Our hotel was the 200-year-old Estancia Los Curtos, which, unfortunately, was as uncomfortable as Tafi. We had an acceptable meal in the restaurant at Lunahuana Hosteria, a less than acceptable one at Restaurant El Rancho de Felix and interesting local chocolate at La Quenuita Chocolate Artesanal. The region is especially known for its goat’s milk cheeses. If you have yet to experience Argentine parilla - wood grilled meat - there are a couple restaurants which display the entire process for your inspection right on the street.
We did experience an annual gaucho religious event in honor of the Virgin Mary. Dozens of gauchos, frequently three generations of the same family, were dressed in their best leather and silver ornaments mounted on beautiful large stallions. After Mass, during which the horses were tethered outside the church, a procession wound through the streets accompanied by music with the Virgin/Pachamama held high.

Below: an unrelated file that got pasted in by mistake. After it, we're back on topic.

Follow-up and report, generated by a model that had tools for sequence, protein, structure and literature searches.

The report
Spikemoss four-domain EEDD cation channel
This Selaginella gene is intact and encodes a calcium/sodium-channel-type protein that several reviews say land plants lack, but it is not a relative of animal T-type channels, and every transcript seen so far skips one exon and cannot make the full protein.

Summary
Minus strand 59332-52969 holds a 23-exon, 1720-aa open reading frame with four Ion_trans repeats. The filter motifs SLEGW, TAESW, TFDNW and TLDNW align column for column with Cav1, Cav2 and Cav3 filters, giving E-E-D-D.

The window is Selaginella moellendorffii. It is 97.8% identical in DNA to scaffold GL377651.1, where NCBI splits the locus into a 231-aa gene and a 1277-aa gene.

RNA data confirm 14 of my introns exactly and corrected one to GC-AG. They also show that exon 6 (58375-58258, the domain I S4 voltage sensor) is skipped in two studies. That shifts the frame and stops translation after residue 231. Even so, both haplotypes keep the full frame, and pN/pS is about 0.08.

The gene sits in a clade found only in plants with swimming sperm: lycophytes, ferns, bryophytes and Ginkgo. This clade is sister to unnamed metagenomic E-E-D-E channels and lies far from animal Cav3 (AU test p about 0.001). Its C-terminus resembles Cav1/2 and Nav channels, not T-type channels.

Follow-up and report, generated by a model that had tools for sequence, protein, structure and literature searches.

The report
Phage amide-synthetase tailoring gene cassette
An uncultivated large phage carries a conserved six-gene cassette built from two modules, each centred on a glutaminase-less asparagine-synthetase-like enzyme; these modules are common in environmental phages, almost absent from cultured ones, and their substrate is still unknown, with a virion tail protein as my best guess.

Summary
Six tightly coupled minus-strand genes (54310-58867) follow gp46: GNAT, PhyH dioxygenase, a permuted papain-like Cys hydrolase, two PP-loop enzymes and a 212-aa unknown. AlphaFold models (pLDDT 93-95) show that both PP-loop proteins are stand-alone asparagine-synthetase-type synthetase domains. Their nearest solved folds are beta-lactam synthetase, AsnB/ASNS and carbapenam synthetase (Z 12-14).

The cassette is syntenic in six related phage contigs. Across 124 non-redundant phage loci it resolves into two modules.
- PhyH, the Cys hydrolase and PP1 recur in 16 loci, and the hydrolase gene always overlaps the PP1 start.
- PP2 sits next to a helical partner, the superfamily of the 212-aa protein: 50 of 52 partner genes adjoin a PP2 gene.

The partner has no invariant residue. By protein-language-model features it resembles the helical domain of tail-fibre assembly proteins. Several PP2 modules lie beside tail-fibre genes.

Estancia Los Curtos
Set among a half dozen fenced acres of open land a mere block from Tafi del Valle’s new handsome bus station, Estancia Los Curtos’ 200-year old main house is fronted by llamas. It’s an appropriate and quaint introduction to an old northwest estancia. Quaint and beautiful are also appropriate descriptions of this hotel. Comfortable is not.
The Chenault family built a prosperous farming enterprise over 200 years which today encompasses a major cheese making facility - some distance from the Estancia - an artesian chocolate shop and gift shops. The present owner, Mercedes Chenault, has adapted the main house into a hotel and defacto house museum.